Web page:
Vitamins are essential for the functioning of our immune system and our brain. But what about vitamin E? According to the National Center for Biotechnology Information, vitamin E is a fat-soluble nutrient, which means it needs fat to be absorbed.
It mainly acts as an antioxidant, which fights free radicals. If free radicals build up, they can lead to cell damage and oxidative stress, which is a major contributor to chronic diseases like heart disease and cancer, according to research.
In the case of vitamin E, its antioxidant effects are particularly impressive. For example, it helps protect cell membranes from free radicals, which is essential to prevent cell damage. As nutritionist Maddie Pasquariello, MS, RDN, tells realsimple.com, its antioxidant properties also have “the ability to protect skin from sun damage while stabilizing the skin barrier.” But it doesn’t stop there: Vitamin E supports skin health by maintaining levels of collagen (the main structural protein in skin), as well as hair growth, says Pasquariello. This nutrient is also involved in immune function and proper blood circulation, according to the National Institutes of Health.
6 foods rich in vitamin E
Almonds are one of the highest sources of vitamin E, followed by hazelnuts, says Maya Feller, MS, RD, CDN, nutritionist and author of Eating from Our Roots: 80+ Healthy Home-Cooked Favorites from Cultures Around the World . “These nuts are also great sources of dietary fiber and heart-healthy mono and polyunsaturated fats,” adds Feller. You can enjoy them as nut butters, which taste great on toast, in smoothies, or mixed into oatmeal, adds Marissa Meshulam, MS, RD, CDN, nutritionist and founder of MPM Nutrition .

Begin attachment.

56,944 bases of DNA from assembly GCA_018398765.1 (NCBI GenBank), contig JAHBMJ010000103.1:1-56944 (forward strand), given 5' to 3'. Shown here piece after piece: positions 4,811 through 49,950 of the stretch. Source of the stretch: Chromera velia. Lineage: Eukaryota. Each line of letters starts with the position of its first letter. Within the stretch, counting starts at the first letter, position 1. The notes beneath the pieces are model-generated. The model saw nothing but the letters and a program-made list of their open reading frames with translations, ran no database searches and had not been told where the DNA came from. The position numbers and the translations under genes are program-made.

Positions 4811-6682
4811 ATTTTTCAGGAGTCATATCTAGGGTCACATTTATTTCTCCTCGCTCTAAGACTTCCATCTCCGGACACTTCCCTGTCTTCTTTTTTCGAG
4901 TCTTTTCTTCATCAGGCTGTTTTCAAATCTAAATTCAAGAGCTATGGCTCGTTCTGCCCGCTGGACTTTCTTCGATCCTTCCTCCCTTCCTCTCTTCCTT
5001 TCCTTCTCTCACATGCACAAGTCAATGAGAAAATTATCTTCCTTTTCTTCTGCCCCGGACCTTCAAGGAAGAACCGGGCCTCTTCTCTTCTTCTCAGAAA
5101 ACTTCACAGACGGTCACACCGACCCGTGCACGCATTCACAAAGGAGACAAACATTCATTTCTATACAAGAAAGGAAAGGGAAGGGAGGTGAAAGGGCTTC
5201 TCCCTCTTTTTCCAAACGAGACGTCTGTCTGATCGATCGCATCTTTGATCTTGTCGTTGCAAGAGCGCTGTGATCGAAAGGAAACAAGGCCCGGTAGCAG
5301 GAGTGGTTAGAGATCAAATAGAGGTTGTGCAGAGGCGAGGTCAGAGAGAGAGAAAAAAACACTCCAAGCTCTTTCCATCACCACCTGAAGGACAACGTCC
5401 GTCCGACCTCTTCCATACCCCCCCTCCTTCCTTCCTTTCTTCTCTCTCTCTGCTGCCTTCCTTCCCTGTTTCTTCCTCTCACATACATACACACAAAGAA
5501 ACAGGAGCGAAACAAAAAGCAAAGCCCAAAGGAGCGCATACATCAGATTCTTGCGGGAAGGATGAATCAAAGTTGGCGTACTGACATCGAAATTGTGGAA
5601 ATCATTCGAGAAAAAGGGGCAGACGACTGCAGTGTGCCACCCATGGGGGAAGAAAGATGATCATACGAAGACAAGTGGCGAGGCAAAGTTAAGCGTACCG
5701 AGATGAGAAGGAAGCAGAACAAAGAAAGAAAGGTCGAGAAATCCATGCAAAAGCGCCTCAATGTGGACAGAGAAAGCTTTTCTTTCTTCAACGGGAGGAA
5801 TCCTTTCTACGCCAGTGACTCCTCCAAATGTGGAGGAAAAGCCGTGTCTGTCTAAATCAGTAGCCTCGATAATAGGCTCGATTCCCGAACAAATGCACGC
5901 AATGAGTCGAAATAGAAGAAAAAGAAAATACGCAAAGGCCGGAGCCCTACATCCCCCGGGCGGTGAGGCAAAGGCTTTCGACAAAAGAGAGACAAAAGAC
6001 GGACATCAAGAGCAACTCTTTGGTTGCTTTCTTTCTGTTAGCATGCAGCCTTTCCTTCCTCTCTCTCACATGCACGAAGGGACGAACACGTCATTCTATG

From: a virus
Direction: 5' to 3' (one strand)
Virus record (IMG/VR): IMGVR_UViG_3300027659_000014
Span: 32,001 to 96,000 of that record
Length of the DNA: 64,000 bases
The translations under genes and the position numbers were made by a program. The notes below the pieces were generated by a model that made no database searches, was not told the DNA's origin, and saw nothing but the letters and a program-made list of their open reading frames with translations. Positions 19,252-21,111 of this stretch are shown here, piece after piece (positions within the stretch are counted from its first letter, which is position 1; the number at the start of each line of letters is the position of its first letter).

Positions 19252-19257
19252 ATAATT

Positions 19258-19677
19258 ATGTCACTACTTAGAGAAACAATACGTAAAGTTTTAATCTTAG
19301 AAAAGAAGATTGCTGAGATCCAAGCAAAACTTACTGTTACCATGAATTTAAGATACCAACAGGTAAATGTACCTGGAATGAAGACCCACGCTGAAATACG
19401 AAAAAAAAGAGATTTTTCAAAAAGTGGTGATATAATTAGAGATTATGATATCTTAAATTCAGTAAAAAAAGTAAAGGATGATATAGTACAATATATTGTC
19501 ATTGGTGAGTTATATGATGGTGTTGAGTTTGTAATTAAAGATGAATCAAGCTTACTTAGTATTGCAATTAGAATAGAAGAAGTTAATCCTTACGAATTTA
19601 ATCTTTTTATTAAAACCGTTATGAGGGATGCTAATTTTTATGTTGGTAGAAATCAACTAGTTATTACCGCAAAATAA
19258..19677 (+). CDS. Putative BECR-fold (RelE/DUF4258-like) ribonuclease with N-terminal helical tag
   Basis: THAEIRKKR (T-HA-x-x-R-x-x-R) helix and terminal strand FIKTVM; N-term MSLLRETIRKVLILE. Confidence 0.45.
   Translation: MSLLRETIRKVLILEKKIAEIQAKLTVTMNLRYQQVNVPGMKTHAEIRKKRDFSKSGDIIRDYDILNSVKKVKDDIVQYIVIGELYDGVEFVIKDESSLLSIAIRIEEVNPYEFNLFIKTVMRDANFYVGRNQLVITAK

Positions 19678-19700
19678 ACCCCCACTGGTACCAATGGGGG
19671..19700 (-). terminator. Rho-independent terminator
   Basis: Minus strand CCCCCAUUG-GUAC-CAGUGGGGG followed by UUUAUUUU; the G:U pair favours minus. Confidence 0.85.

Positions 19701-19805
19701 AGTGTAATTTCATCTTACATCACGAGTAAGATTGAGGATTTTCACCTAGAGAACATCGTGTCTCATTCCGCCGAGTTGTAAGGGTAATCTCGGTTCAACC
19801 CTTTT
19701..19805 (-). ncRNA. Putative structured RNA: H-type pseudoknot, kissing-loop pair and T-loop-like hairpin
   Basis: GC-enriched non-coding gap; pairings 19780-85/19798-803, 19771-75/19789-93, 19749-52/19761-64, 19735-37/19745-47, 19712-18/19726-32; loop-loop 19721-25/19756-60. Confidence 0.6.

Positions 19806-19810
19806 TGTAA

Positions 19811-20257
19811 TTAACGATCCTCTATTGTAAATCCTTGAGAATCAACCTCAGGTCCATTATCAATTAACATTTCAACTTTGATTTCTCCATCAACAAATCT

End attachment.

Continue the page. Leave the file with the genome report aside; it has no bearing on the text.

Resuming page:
The next time you crave something crunchy, look for seeds. Sunflower seeds are particularly rich in vitamin E, according to Meshulam. For this purpose, about ¼ cup is almost half the recommended daily amount. Nutrients found in sunflower seeds include iron, calcium, magnesium and fiber, Pasquariello explains. Sunflower seeds (and plant seeds in general) add flavor and texture to many dishes, including oatmeal, yogurt, salads and soups.
Nut and seed oils
Given that seeds and nuts contain vitamin E, it’s no surprise that their oils are just as important. According to Meshulam, sunflower oil and wheat germ oil are particularly rich in nutrients, although they have different applications. Sunflower oil “is a very stable oil, so it can be used in high-heat cooking,” she explains. Wheat germ oil can be used in salad dressings or drizzled over cooked dishes.
There’s a lot to love about leafy greens. They’re versatile, delicious, and packed with vitamin E, among many other powerful nutrients. Some of the best choices include spinach and Swiss chard. Even the leafy tops of beets contain this vitamin, giving you a great reason to use this vegetable. In general, leafy vegetables of any variety are easy to incorporate into dishes.
Avocados are another great source of vitamin E. “Other nutrients in avocados include potassium, vitamin K, and riboflavin,” says Pasquariello, adding that avocados also contain fiber, which is “vital for healthy digestion. healthy, lowering cholesterol, maintaining blood sugar and promoting longevity.”
Known for its convenience and great taste, canned tomato sauce helps you meet your daily quota of vitamin E. One cup of tomato sauce offers over 3.5 milligrams, along with vitamin A, vitamin C and potassium. Just add seasonings and extra veggies (like these leafy greens) and enjoy with pasta, pizza, stews and more.